Wed Sep 2nd, 2009 at 04:18:14 AM EST
An interesting link was recently posted in the Salon that captured something that is very rarely discussed in the US media. The notion that for young workers, this is a lost decade resonates strongly with my personal experience.
I'm a 30 year-old American who has been in the workforce since 1998. Everything in that article rings as absolutely true.
Speaking entirely for my age group (and anecdotally but with education):
- Most people continue to live with their families after age 18. They either stay home for a 1-3 years while attending local community colleges/state schools or stay home while working to earn enough to move out on their own. In the parts of the country with lower cost of living this is on the lower end and in almost all cities this is on the higher end. It appears to me that this has become even more common in the years since I left home.
- For those who move away to attend 4-year colleges easily 50% spend at least 6 months back home with their family immediately after school. Others "helicopter" back home for 6-18 months at some point within the next 3-4 years, usually after a city relocation or job goes bust and they need some time to get back on their feet.
- Earnings, on average, have not improved at all in the past 10 years. Someone who is working a good job, with years of experience and with actual responsiblities is making basically the same amount of money they made 10 years ago and often slightly less when adjusted for inflation. It is a small percentage, 10-20%, who have seen the kind of income growth one might've expected in previous generations.
- Job stability is very low. Since 1998 I have worked in six different jobs, all "professional" by nature. I have rarely seen people promoted up the ranks in any meaningful way. In the US you typically leave your position for another company if you want a significant promotion or a meaningful raise (ie more than inflation).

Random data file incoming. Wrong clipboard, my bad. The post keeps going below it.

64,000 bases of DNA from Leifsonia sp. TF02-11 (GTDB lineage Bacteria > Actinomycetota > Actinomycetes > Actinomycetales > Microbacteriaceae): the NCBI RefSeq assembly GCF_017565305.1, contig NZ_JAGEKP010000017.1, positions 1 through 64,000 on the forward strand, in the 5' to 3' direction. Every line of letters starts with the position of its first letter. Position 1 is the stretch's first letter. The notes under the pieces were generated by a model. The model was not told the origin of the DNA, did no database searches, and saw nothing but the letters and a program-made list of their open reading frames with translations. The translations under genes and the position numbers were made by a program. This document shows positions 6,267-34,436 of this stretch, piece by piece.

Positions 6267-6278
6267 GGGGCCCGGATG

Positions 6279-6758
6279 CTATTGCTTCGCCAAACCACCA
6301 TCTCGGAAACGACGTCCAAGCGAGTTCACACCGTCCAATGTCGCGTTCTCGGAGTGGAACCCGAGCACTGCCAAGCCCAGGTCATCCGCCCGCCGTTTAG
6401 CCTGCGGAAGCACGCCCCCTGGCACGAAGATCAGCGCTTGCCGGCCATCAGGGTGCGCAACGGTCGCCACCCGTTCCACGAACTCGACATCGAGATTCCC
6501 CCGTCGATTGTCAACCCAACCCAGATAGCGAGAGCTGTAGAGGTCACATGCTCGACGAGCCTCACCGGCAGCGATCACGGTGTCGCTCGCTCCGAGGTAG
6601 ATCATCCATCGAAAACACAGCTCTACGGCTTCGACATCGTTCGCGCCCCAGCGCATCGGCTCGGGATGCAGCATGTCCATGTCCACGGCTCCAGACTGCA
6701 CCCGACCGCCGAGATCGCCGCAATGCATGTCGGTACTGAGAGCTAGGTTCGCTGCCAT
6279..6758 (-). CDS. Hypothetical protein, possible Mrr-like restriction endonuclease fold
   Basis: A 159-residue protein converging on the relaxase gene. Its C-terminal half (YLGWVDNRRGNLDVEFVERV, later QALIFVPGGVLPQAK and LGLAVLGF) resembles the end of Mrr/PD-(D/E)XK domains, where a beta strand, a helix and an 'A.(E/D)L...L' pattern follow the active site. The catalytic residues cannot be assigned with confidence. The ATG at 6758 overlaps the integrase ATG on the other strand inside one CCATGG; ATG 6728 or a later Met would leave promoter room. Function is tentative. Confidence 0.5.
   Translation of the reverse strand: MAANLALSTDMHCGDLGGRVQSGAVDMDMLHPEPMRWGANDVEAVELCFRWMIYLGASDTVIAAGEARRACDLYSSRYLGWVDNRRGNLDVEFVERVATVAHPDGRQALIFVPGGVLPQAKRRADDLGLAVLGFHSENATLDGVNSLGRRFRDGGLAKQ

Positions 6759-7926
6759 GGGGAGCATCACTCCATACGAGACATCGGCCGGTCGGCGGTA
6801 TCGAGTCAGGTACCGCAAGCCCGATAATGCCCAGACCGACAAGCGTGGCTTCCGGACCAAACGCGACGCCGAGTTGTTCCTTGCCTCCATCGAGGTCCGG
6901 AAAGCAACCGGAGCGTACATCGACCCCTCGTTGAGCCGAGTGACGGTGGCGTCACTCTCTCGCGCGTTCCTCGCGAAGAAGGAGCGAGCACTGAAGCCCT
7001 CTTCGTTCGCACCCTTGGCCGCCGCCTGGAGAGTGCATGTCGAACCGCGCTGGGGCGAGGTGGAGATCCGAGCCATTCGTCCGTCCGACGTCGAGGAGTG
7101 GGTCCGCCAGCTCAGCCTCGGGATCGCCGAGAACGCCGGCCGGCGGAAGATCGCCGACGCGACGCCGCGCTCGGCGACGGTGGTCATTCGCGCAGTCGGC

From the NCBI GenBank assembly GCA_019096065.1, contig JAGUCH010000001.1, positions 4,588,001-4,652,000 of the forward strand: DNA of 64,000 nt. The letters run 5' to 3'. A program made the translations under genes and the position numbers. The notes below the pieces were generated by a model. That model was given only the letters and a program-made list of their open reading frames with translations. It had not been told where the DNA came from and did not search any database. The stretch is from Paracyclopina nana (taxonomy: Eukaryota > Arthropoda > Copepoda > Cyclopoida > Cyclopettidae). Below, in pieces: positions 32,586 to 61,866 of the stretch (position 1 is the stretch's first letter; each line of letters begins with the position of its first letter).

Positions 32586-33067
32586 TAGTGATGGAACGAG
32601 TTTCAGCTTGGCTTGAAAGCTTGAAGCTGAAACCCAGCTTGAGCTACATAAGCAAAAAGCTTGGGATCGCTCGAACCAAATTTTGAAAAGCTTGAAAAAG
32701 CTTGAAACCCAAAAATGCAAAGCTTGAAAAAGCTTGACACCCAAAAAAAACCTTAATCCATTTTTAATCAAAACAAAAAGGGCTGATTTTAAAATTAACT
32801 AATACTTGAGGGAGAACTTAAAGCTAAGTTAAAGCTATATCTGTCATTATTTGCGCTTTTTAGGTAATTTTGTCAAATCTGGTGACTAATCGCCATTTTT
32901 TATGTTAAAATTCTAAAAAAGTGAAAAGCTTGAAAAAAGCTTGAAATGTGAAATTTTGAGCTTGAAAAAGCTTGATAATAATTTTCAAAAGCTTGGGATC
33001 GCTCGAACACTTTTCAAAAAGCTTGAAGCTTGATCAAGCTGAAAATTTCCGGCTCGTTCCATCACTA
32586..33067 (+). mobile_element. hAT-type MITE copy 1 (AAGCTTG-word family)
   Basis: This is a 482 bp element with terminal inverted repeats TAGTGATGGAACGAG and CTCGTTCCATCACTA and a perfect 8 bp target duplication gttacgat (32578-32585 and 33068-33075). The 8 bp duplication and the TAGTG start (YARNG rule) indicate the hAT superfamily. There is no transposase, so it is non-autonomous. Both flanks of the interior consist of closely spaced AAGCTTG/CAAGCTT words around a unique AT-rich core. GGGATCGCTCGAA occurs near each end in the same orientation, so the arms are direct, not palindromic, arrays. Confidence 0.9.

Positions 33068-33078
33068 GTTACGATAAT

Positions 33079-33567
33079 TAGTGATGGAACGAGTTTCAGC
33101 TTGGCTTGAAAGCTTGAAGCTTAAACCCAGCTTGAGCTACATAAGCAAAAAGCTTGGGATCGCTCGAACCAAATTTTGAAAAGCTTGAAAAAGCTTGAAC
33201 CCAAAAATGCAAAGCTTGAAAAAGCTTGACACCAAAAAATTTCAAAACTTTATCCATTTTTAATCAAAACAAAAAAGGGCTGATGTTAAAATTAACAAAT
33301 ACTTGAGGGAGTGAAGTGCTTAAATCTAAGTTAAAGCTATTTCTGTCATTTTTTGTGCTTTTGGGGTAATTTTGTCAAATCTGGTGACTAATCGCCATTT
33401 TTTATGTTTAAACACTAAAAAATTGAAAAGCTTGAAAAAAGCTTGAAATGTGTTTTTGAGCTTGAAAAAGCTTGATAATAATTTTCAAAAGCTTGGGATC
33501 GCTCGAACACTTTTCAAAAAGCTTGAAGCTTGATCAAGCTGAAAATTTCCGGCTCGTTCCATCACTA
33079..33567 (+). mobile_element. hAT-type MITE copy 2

- Outside of cities/regions with declining populations and the South there is little expectation of home ownership. The majority of people under 35 who purchase property are doing so with family assistance. Most people, even educated, reasonably successful professionals with years of work experience cannot afford a 2br apartment of their own to rent or even a 1br in cities (LA/NYC/SF/DC) where salaries are better.
- Most people with college degrees have at least 20k in student loan debt and 5-10k in credit card debt.
All of these realities crystallize and are key drivers for the opinion trends you find in political surveys and last year's elections.
- Younger people are concerned about health insurance because they can't rely on their employers to provide it.
- They have little expectation of being "in charge" at work (or particularly well-paid) and instead tend to seek out work that is more fulfilling as consolation.
- They don't feel they are represented at all by the political establishment. There are no decisions made politically in the US that seem to benefit us in anyway. Obama at least paid lip service to this hence his massive victory in my age group.
- The banks/corporate CEO's and other villains are stand-ins for many people for the Baby Boomer generation. Their living standard is much higher on the whole and they are everybody's boss.
It strikes me as strange that many people's parents/that generation is willing to give the younger people hand-outs (paying their rent, car insurance, etc, well into the 20's) but not willing to give them the opportunity to earn it on their own.
Anyone who can do math can see that their living standard will be much lower than that of their parents generation. I think the lack of economic opportunity is a huge reason why they are so interested in public service, political activism, climate change/green living and other ways to make an impact in their society. They simply feel there is no other way to make a mark.